The wetland soils program studies hydric soils of jurisdictional wetlands as well as soils that have seasonally high water tables within 1 m of the surface. The hydric soils research focuses on how these soils form, and how we can identify them in the field.
Our studies in wet soils, not necessarily wetland soils, develop ways to estimate water table levels in these soils using soil morphology. Research includes monitoring sites with the latest automated equipment, characterizing hydraulic properties of soils, and then using hydrologic models to estimate long-term water table fluctuations. These results are then related to soil color patterns so that the colors can be used to estimate long-term hydrology. Research that includes soil morphology in any aspect is led by Mike Vepraskas.
Wetland restoration is a relatively new area of research that we are actively pursuing. Dr. Steve Broome has a long record of experience in coastal wetland restoration to combat shore erosion. More recently, his work has moved inland and is devoted to perfecting ways to establish trees on freshwater wetland sites. Finding ways to evaluate the success of the restoration effort is also a topic that is being actively pursued. We are looking for ways to use redox potential measurements to evaluate restoration success.This area is being led by Mike Vepraskas.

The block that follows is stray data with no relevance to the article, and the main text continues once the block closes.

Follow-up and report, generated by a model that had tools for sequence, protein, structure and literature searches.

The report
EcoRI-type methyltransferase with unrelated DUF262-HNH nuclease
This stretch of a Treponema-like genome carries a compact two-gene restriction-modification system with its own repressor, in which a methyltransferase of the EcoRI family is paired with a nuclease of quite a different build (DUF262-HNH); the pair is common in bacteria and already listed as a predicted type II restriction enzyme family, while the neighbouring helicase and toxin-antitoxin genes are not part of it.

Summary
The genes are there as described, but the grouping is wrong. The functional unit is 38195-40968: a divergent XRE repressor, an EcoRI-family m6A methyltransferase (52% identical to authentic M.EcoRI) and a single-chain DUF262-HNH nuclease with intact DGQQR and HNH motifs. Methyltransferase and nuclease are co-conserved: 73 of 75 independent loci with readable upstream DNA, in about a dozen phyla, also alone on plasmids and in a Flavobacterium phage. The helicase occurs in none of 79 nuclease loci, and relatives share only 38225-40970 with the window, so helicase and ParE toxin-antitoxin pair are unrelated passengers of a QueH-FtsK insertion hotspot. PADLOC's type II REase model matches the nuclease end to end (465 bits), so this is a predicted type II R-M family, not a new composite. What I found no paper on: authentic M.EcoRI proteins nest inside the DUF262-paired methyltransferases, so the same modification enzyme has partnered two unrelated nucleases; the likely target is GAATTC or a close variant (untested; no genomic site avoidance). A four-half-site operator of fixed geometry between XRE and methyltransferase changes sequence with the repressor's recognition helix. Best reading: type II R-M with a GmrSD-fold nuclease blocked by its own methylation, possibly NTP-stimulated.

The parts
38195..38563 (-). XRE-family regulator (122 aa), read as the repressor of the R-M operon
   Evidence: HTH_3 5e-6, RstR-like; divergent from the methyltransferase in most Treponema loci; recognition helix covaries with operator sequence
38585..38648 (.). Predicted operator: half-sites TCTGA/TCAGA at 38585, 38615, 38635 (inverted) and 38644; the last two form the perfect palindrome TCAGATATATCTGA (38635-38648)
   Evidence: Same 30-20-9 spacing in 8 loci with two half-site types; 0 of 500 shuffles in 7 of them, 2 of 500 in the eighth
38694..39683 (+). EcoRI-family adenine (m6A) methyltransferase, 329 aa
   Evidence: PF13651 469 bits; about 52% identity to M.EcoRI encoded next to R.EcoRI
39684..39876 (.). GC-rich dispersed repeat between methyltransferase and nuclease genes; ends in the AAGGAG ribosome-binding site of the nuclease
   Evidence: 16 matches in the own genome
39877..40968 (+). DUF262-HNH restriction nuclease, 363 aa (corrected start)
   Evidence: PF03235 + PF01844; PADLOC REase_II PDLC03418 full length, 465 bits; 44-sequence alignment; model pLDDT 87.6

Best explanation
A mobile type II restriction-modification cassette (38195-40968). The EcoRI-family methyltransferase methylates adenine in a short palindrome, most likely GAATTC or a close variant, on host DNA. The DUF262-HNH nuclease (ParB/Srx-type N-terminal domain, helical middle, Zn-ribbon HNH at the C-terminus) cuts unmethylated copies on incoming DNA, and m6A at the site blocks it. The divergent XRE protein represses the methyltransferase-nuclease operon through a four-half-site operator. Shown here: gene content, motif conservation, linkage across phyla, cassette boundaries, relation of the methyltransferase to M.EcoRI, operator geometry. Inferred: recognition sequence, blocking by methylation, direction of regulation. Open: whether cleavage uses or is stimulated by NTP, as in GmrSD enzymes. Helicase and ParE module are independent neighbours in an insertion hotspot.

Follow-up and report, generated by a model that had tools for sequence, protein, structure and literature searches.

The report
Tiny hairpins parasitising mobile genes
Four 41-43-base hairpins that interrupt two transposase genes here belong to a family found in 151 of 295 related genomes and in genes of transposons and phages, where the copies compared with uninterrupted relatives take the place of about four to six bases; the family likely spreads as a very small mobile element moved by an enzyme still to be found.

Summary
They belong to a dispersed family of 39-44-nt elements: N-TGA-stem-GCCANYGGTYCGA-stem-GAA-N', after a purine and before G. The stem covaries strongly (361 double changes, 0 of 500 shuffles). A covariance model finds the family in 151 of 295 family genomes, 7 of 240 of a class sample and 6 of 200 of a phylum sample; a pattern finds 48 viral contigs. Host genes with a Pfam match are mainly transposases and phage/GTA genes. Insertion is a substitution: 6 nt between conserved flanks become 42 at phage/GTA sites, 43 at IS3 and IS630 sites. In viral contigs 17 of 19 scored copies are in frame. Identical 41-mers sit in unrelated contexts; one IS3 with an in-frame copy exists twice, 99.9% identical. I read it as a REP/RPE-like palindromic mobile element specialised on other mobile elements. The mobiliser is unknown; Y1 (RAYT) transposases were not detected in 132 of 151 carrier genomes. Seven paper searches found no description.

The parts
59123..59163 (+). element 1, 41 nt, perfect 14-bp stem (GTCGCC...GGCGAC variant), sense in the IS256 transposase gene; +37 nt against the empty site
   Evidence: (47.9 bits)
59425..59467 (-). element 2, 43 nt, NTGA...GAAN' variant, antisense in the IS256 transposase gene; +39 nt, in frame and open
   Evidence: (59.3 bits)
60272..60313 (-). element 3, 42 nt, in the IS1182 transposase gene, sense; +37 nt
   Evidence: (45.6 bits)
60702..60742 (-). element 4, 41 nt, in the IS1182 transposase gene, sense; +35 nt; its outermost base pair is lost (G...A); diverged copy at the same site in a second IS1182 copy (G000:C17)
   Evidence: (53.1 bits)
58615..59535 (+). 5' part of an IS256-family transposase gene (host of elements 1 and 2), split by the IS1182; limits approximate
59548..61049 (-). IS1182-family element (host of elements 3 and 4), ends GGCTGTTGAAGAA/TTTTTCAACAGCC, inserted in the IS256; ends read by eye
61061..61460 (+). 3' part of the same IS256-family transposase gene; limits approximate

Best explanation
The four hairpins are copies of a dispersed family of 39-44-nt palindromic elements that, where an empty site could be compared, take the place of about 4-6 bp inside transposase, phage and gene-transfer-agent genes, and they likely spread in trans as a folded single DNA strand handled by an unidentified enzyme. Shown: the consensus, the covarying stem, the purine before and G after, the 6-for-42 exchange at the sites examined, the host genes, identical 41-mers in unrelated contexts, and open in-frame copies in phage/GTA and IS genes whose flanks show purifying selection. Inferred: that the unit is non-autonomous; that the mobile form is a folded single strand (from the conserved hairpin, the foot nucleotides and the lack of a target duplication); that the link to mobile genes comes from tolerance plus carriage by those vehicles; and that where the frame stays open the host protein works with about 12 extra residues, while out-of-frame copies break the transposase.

Jeff White uses remote sensing devices to better understand how water moves through wetland systems. Jeff interests include the use of ground penetrating radar to evaluate sediment layers below wetlands, and as well as aerial photography to characterize and compare vegetation between restoration sites and reference areas.
Hydrologic modeling studies are done in cooperation with the Department of Biological and Agricultural Engineering (BAE). We use DRAINMOD for long-term simulation of water table levels in the Coastal Plain. MODFLOW is being used to simulate ground water flows into and out of wetland areas. Dr. Wayne Skaggs (BAE) oversees our work with DRAINMOD. Dr. Rod Huffman (BAE) leads our efforts in computing water budgets for wetlands, and in using MODFLOW to study ground water movements.
Students interested in any of these topics, or others related to wetlands, should feel free to contact any of the faculty listed above for more information. General questions can be sent to Mike Vepraskas